Searching for alternatives, I have increasingly turned to online platforms for raising support and engagement for my research instead. Crowdfunding platforms have been of particular help, providing a medium to raise financing for scientific projects in a manner similar to Kickstarter. RocketHub’s #SciFundChallenge was the first crowdfunding initiative to support science projects, with newer science platforms like Petridish.org emerging as well.

And while crowdfunding may not be the be-all and end-all for scientific funding, I have found it to carry some extremely valuable facets over traditional funding.

For one, it provides students in the lab a chance to fund their own research. As it’s generally said that there are two big rewards in science, namely positive results and money, crowdfunding provides a medium to achieve both simultaneously. You get to see your scientific influence in real-time through small (or large) donations from the public, and witness money be contributed to something that you have created in a meaningful way.

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Guest post: Funding new discoveries with Petridish.org!

March 25, 2012 | Posted by Guest in Innovation Highlight |

This is a guest post by Matt Salzberg, Founder of Petridish.org (full bio below).

If you’re a scientist, you know that funding is becoming harder and harder to find. Traditional sources of funding, such as grants from the National Science Foundation or the National Institute of Health are time intensive, restrictive and slow.  And application success rates have fallen.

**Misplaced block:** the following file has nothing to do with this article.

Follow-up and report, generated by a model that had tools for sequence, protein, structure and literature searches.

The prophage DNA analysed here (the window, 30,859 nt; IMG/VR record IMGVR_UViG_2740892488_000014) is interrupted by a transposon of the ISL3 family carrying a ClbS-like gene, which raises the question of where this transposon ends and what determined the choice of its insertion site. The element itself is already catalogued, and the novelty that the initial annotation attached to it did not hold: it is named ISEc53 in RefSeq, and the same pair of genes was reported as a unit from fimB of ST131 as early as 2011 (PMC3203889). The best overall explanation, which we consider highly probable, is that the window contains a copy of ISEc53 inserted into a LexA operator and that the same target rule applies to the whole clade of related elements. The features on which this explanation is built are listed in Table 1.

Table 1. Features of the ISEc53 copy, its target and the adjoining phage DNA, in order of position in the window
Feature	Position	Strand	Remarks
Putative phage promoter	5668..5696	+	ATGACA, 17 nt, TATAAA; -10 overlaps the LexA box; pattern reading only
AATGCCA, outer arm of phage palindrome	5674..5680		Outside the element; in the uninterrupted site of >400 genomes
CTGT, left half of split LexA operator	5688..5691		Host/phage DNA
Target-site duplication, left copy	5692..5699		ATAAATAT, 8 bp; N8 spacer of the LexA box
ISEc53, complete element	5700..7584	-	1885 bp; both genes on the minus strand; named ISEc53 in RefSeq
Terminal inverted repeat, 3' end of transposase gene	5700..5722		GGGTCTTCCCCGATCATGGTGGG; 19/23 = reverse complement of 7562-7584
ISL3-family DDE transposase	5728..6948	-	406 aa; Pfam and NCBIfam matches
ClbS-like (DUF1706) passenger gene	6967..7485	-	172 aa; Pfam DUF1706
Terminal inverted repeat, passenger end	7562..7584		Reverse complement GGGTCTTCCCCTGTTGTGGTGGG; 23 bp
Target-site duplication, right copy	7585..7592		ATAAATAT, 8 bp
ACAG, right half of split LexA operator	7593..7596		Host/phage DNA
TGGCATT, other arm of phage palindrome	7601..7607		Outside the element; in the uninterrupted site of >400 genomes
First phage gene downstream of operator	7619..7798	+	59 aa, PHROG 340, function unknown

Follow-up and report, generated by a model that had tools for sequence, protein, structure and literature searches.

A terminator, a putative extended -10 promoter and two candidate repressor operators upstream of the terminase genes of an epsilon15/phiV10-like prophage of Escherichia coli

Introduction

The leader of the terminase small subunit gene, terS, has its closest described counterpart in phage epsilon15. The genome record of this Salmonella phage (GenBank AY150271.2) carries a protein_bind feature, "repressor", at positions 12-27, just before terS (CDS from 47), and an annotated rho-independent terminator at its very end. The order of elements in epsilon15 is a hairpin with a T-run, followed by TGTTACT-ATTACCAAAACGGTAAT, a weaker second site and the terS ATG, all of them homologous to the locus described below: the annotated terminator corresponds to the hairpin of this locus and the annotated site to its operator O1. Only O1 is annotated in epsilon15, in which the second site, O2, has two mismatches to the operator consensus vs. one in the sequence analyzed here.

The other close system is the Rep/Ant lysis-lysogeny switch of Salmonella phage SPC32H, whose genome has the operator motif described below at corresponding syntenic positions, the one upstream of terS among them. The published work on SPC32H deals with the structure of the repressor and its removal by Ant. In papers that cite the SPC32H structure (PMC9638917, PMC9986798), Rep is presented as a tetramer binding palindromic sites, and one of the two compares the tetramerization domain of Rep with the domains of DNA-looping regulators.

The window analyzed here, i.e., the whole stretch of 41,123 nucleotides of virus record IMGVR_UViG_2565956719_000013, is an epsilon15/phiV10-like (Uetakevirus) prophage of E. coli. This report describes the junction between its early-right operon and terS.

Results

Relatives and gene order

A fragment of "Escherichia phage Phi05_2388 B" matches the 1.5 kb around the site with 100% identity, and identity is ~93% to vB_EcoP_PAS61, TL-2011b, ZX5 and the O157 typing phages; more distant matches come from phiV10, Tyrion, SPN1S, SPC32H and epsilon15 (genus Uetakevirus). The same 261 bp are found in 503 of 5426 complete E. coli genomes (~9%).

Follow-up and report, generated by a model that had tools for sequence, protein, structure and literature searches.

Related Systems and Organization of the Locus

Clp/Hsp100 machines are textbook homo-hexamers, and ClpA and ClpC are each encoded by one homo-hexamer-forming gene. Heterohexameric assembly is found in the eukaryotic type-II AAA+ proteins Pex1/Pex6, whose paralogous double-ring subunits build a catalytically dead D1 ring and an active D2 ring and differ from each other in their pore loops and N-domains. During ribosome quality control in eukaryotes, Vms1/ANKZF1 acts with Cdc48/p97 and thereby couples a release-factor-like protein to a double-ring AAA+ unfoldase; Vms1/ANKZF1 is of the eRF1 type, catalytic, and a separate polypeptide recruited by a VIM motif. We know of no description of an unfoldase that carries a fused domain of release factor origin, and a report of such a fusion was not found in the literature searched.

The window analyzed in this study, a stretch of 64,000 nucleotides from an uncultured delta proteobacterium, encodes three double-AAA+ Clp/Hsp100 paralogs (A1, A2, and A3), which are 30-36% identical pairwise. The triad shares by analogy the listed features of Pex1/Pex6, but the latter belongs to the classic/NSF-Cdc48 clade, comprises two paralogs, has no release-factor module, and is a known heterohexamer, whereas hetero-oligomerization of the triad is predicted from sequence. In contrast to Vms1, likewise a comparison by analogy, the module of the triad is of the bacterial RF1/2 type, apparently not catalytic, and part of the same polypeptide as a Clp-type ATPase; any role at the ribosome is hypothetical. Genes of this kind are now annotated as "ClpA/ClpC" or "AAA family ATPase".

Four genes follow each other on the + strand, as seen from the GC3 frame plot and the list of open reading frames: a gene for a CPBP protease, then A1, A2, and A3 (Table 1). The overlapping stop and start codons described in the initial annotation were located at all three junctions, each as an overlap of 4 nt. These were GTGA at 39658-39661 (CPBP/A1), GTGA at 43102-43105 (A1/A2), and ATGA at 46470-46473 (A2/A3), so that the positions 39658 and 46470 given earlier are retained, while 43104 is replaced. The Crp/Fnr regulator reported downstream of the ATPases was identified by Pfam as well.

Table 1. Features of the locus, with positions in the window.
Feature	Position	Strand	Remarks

That’s why we created Petridish.org – a new tool to help scientists fund worthy projects in need. Petridish is an online community of scientists and everyday science-lovers that allows researchers to connect with private donors interested in their work.

In other fields like art, film, charity and microfinance, we have seen this method of fundraising, known as “crowdfunding,” drive a revolution in the way projects are funded.  Enabled by the mass reach of the internet, projects in these fields have raised hundreds of millions of dollars by pooling the contributions of many to make a large impact. Many of the most notable examples in other fields are sites such as Kiva.org, Donorschoose.org and Kickstarter.com.  In fact, most recently, Kickstarter made headlines when one video game project on their site raised over $2 million from the “crowd.”

So why shouldn’t scientists have a dedicated community too?  The goal of Petridish.org is to provide a platform and community where scientists can promote research, educate and engage the public, and raise money all at once.  Meanwhile, science enthusiasts can donate to projects and be a part of exciting new discoveries.